The second woman prime minister, and a feminist – but what difference did Theresa May actually make for women in the UK?
May Days: Under the reign of Theresa May the statute books became more feminist while the lives of real women got harder, says Jess Phillips
Theresa Mays legacy on women’s rights and issues gets off to a good start just by virtue of her being a woman herself. It may seem like nothing to lots of people, but it matters; it matters that when little girls watch Newsround in their classrooms, they see a woman in a position of power and leadership. I thought it was telling that Theresa May even in her resignation speech mentioned being only the second ever woman prime minister and was certain that she wasn’t the last. It will always be a key part of her story, and if nothing else it shames and pushes the Labour Party who have squarely failed to ever elect a woman as their leader.
Aside from her own chromosomes I think it is safe to say that women’s rights campaigners like me were hopeful for the May years. As home secretary she changed a number of key laws around domestic abuse, including making coercive control a crime and extending the age a person could be considered a domestic abuse victim to include 16 and 17-year olds. She brought in the Modern Slavery Act, which no one could doubt has changed the landscape for women victims of sex and servitude trafficking, and she was a champion of new stalking legislation. As prime minister however, despite the promise of a ground-breaking Domestic Abuse Bill which is still yet to have its parliamentary outing, she has underperformed compared to her tenure as home secretary.
Under the reign of Theresa May the statute books became more feminist while the lives of real women got harder. She failed to see how – outside of the Home Office laws and regulations around domestic abuse – her government’s policies were impoverishing and trapping women on universal credit, endangering migrant women victims through the hostile environment, damning homeless women through cuts to local authorities, terrifying women and children in the family courts no longer able to access legal aid, and was decimating support services through austerity.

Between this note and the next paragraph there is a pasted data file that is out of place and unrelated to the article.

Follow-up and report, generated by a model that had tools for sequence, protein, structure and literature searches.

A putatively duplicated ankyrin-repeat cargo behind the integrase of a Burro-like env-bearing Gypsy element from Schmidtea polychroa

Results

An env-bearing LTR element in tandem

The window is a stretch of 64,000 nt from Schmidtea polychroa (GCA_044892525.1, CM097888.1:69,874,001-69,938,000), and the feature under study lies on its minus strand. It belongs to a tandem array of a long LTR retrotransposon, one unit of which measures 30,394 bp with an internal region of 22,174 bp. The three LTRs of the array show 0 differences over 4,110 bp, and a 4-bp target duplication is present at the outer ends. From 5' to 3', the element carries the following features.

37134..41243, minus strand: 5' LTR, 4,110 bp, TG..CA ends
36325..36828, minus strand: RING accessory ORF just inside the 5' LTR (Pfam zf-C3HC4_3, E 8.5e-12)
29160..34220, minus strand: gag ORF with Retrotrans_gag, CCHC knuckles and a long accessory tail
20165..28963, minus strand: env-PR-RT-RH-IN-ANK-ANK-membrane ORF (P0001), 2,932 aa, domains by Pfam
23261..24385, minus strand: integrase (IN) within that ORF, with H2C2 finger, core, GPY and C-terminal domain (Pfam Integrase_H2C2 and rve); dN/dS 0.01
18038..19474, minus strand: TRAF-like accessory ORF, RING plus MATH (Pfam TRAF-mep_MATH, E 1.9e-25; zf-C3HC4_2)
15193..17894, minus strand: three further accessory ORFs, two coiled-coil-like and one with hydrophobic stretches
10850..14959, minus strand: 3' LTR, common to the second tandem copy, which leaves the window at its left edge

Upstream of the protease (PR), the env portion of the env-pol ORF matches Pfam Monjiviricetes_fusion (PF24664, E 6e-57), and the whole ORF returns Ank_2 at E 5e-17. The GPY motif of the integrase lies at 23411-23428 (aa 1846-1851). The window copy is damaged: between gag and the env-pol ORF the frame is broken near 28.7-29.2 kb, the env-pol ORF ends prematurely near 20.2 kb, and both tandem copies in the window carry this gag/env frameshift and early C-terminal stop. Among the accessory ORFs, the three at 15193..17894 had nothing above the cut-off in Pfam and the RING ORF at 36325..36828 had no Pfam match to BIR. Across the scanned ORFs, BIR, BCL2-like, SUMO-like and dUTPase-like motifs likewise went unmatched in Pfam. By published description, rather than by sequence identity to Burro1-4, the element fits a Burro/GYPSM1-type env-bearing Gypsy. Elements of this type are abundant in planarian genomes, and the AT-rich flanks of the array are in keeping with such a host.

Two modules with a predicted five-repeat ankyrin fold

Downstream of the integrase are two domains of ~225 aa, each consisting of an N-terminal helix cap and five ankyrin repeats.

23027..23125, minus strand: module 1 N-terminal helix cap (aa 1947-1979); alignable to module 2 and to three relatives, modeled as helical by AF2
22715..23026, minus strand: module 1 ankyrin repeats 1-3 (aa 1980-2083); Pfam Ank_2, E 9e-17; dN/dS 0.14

Women at the top may well have fared more favourably under the May government, with the dawn of demands around representation on boards and the gender pay gap monitoring which came to pass in her time. I will cut her some slack when I say this has yet to make a demonstrable difference to the lives of working women as we are only a year in – she never really had the time or bandwidth to lean in to these changes as she might have wished.
Theresa May was the prime minister during the era of #MeToo and she herself made many statements about how we must end the scourge of sexual harassment. Unfortunately, these were largely words not deeds, as all the recommendations suggested by various women’s rights groups and also the Women and Equalities Select Committee such as putting back regulation that protects women from being harassed by customers, or putting a duty on employers to prevent sexual harassment, have led to little more than a review or a consultation from her government. To date, as she herself once said, nothing has changed.
This sums up the story of Theresa May’s premiership, a woman with a core set of beliefs and goals with little in the way of steel to deliver. I have no doubt that Theresa May is a feminist, in fact I am certain she is. But for women I am afraid that the problem is that she was not a natural finisher.
Jess Phillips is Labour MP for Birmingham Yardley
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